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Moross: Symphony no 1, Last Judgement, Variations on a Waltz / Falleta, LSO

Release Date: 12/27/1993 
Label:  Koch International Classics Catalog #: 7188   Spars Code: DDD 
Composer:  Jerome Moross
Conductor:  JoAnn Falletta
Orchestra/Ensemble:  London Symphony Orchestra
Number of Discs: 1 
Recorded in: Stereo 
Length: 0 Hours 58 Mins. 

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This CD is reissued by ArkivMusic.

Notes and Editorial Reviews

This is a landmark release in several respects. It offers a panoramic perspective on the symphonic accomplishments of a composer who has heretofore been recognized primarily for his theatrical and film music successes; these three works—all first recordings—add significantly to the documented store of accessible Americana; and they are given vigorous and idiomatic performances under the committed direction of the highly gifted young American, JoAnn Fallerta, and within a sonic environment which vividly captures both the brilliance of the orchestration as well as the thorough professionalism of the London Symphony Orchestra.

Jerome Moross's (1913-83) one and only symphony of 1942 comes as nothing less than a revelation.
Read more Because, although the example set by Copland's 1930's ballets must have spurred him on, at twenty-nine years of age Moross had already perfected his unique and very personalized amalgam of the American vernacular, containing echoes of everything from the political rally to the county fair and the vaudeville house. While most of his contemporaries, such as Siegmeister, North, and Gould, were most of the time writing music that was openly urbanistic and jazz-inflected, Moross's kind of generic indigenousness never seemed geographically—or even demographically— restricted but contained as much of Brooklyn as Cheyenne or even Cape May.

Although this twenty-minute work bears solid neo-classical movement headings, such as Theme and Variations, Sonata-Scherzo (which, with its sparkling solo piano deftly embellishing a “plain and simple“ theme, is almost a miniature concertino), Invention (a kind of “prairie nocturne“ foreshadowing aspects of The Big Country), and Fugue (which sounds more like a raucous town meeting!), the symphony's content is pure American—homespun tunefulness in Moross's most engaging manner. How malleable this style could become in his effortlessly craftsmanlike hands is illustrated by how naturally the music unfolds and almost writes itself with its flowing variants and inversions; and how far-ranging its applicability is evident in his operatic masterpiece The Golden Apple, where Moross immediately convinces us that these turn-of-the-century American country bumpkins standing in for the Greek heroes and gods could express themselves so plausibly in his sweet-and-spicy musical language.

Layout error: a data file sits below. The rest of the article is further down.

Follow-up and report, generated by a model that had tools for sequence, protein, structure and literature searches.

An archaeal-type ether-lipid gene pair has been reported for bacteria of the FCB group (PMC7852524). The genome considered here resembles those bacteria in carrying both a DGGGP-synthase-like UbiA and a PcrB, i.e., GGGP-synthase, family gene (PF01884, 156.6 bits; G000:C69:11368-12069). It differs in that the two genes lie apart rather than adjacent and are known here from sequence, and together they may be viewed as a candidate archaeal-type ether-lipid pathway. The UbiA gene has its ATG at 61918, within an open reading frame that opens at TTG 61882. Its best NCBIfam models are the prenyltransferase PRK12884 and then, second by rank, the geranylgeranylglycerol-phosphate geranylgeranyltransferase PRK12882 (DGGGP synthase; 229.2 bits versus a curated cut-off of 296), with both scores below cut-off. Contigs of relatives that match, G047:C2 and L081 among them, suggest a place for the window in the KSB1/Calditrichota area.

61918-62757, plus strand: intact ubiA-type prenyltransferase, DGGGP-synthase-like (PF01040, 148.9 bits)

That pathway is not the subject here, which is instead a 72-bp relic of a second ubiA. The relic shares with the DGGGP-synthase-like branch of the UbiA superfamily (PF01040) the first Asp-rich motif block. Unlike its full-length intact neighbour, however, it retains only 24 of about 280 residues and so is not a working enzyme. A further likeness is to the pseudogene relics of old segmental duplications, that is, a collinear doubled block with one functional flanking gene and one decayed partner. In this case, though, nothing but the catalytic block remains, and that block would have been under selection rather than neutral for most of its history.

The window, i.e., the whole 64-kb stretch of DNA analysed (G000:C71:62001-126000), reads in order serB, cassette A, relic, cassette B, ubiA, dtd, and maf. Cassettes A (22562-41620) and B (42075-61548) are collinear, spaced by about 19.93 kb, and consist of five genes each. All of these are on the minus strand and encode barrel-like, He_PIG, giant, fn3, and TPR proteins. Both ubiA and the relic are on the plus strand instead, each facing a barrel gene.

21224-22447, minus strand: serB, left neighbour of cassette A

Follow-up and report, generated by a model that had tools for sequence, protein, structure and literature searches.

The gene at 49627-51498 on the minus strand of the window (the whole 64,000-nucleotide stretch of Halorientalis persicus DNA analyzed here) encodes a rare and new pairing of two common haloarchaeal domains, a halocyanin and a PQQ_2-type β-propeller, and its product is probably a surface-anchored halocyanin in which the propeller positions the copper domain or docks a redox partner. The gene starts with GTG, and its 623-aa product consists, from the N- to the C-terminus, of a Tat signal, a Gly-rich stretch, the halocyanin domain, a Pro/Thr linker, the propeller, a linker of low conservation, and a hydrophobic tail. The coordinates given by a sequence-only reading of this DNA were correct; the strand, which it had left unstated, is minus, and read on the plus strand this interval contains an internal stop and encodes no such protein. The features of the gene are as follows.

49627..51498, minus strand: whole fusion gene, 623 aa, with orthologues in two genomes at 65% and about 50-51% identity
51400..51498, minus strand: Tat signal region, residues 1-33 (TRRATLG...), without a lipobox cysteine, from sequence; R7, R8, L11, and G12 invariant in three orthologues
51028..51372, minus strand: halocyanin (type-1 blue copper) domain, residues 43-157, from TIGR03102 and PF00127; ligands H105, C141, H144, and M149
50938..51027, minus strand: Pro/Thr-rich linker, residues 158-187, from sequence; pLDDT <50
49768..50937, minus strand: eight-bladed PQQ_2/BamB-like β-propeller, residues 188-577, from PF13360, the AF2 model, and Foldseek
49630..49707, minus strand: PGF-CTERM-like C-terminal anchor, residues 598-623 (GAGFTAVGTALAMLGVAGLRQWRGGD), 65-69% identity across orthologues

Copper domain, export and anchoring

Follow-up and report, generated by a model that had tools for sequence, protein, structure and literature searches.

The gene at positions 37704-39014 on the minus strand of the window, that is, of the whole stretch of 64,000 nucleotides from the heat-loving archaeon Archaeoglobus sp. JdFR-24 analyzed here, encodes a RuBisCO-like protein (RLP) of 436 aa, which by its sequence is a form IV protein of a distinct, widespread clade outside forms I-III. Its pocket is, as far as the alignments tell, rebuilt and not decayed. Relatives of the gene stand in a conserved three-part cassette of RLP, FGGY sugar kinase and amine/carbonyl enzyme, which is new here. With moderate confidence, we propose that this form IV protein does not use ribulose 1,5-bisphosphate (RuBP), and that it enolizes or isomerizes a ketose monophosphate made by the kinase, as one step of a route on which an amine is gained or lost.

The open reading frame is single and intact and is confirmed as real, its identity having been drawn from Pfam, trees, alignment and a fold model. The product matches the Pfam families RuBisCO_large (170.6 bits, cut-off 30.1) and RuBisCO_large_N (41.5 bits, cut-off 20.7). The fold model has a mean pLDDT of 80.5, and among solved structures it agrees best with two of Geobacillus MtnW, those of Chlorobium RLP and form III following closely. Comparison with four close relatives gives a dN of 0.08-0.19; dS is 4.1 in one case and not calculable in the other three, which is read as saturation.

The Variations on a Waltz is a later (1966) orchestral revision of a section of the ill-fated 1946 Ballet Ballads, a kind of hybrid vocal-choreographic concoction which, together with his rambunctious minstrel-show theater piece Gentlemen, Be Seated!, deserves a full-scale revival and/or permanent presentation on disc. The smoothly kaleidoscopic twelve-minute Variations consists of ten mostly brief and quicksilver movements and displays Moross's wittily seamless blend of the jaunty and the sentimental at its most appealing.

When he came to write the ballet The Last Judgment for Ruth Page in 1953, Moross was in total command of his distinctive orchestral idiom (The Big Country was only a few years away): he could make it appropriate for a wide gamut of moods and situations—this serio-comic treatment of the Adam and Eve story is full of erotic and parodie double entendres and bitonal infusions familiar from his first dance score, Frankié and Johnny, while never sacrificing the basic narrative thrust of the scenario. All the various pluralistic strands—or, to be more politically correct—all the multicultural elements of the American musical melting pot—are here interwoven and incorporated in a Biblical tale of universal import.

What more is there to say, except that no collection of American music can afford to lack this disc which, since Koch's brilliant and Grammy-award-winning pairing of the two splendid Barber cantatas, is the most compelling yet issued in this series.

-- Paul A. Snook, FANFARE [11/1993] Read less

Works on This Recording

Symphony no 1 by Jerome Moross
Conductor:  JoAnn Falletta
Orchestra/Ensemble:  London Symphony Orchestra
Period: 20th Century 
Written: 1941-1942; USA 
Date of Recording: 03/1993 
Venue:  EMI Abbey Road Studios, London 
Length: 20 Minutes 7 Secs. 
The Last Judgement by Jerome Moross
Conductor:  JoAnn Falletta
Orchestra/Ensemble:  London Symphony Orchestra
Period: 20th Century 
Written: 1953; USA 
Date of Recording: 03/1993 
Venue:  EMI Abbey Road Studios, London 
Length: 23 Minutes 24 Secs. 
Variations on a Waltz by Jerome Moross
Conductor:  JoAnn Falletta
Orchestra/Ensemble:  London Symphony Orchestra
Period: 20th Century 
Written: 1946-1966; USA 
Date of Recording: 03/1993 
Venue:  EMI Abbey Road Studios, London 
Length: 14 Minutes 16 Secs. 

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